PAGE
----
Stress, Aging and Grandparenting: Death of family members and spouses, problems of adult children, declining health, retirement, and more add to the stress of those of us who are a grandparenting age.
AgingCan Be Stressful Aging and Grandparenting
Grandparents face many stressul life changes and stress-inducing facets of life: death of a spouse, divorce of a long-time spouse, declining health, retirement, divorce and other problems of adult children to name a few.
Headache and increased susceptibility illness are common results of stress.
Stress is the body’s physical, mental, and chemical reaction to circumstances that frighten, excite, confuse, endanger, or irritate us. It can depress us, irritate us, and even make us susceptible to chronic or life-threatening disease.
Having reached the middle-to old age of most grandparents, we face deaths of our family members, death of our spouse, divorce from a long-time spouse, divorce and other problems of adult children, and our own declining bodies. Even the long-awaited birth of a new grandbaby can be stressful.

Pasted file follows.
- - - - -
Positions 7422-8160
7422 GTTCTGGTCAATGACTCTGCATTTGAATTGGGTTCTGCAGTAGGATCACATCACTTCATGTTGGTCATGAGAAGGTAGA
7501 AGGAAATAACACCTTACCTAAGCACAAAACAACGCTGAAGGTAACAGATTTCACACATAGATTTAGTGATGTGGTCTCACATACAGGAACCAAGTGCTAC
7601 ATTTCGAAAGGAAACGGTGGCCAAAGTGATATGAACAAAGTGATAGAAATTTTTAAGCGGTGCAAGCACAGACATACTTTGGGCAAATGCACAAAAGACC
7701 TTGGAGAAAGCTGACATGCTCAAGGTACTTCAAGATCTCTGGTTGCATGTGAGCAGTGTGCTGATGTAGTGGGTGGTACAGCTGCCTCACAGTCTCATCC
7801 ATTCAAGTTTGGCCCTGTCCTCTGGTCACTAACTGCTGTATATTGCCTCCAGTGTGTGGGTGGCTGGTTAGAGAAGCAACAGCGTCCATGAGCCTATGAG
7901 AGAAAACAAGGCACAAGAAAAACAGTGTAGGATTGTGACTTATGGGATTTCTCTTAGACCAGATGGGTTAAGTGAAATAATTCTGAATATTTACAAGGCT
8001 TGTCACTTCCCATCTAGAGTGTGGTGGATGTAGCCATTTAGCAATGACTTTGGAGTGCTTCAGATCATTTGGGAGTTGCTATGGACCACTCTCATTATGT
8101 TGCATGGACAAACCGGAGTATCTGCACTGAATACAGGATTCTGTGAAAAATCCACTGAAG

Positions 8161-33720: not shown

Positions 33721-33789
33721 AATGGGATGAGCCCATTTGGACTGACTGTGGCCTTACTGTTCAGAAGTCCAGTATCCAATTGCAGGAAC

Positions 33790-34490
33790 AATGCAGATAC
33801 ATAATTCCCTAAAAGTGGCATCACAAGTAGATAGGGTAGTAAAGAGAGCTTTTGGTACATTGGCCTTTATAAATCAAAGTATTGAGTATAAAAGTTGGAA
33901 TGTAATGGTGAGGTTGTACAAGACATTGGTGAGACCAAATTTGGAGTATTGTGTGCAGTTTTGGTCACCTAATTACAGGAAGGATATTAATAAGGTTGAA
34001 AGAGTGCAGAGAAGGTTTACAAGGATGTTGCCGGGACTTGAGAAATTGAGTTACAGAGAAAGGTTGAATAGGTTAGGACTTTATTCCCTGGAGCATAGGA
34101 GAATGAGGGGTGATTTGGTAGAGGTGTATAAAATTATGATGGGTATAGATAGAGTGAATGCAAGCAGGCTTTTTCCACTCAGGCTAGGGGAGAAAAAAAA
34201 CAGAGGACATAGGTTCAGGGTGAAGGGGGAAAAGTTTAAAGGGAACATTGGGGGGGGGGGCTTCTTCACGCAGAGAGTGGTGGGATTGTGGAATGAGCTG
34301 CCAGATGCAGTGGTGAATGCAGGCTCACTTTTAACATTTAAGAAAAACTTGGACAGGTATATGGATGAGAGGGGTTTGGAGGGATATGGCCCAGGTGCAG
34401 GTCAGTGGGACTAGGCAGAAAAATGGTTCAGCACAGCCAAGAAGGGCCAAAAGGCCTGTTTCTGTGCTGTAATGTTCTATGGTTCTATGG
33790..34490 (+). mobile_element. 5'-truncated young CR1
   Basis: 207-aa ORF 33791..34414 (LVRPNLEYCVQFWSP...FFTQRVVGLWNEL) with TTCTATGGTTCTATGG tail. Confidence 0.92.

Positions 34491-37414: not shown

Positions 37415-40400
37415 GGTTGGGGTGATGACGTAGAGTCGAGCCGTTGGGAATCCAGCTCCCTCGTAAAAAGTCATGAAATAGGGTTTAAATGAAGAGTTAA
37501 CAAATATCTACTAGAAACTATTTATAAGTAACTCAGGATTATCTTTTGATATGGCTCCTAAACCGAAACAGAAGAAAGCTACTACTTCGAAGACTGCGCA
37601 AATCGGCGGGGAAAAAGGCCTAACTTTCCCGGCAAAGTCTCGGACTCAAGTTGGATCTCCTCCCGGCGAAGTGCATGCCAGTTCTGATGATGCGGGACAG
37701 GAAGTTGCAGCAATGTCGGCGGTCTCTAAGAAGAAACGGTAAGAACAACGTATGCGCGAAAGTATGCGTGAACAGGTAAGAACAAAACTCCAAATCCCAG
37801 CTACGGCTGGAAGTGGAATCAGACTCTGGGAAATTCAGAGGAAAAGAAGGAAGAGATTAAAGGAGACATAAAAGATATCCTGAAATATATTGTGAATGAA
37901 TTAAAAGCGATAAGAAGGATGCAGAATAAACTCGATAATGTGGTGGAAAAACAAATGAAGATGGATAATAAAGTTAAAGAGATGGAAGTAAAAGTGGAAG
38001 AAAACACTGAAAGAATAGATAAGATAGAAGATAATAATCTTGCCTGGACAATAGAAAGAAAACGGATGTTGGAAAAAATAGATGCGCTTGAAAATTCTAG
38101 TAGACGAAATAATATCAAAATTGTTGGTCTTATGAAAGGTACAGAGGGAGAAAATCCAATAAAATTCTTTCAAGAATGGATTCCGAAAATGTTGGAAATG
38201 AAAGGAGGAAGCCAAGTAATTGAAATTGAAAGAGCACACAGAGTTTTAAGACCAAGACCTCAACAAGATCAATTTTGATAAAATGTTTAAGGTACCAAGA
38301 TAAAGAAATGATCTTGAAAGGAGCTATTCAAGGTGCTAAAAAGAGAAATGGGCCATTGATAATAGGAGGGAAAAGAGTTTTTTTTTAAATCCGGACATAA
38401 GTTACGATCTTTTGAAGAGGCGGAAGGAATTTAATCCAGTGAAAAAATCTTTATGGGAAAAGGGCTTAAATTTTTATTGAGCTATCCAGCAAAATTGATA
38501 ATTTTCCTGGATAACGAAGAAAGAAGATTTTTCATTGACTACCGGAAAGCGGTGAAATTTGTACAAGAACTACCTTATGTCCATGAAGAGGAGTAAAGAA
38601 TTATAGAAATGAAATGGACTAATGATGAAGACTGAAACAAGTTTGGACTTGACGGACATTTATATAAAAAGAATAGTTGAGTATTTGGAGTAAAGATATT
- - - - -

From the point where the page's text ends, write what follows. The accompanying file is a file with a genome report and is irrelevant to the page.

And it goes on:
Yet stress in itself can contribute to the decline of our bodies and the rise of chronic diseases.
What can we do to reduce stress in our own life?
Research has shown good nutrition and sleep to be good coping strategies for combating the extra demands that stress places on your body. This is especially important for the first two years after spousal death or after separation/divorce.
Physical exercise is the king of stress relief. It relaxes your tensed muscles, increases your energy, helps you sort out problems, and improves your immune system and your self-image.
A regular program of aerobic exercise for at least 20 minutes three times weekly help counteract the physiological and psychological toll that stress causes. Aerobic exercise can be fast walking, bicycling, swimming, aerobic dancing, rowing, or jogging.
Physical exercise has another bonus. It improves the way you look to others and raises your self-esteem. Often high self-esteem makes you better able to cope with stress.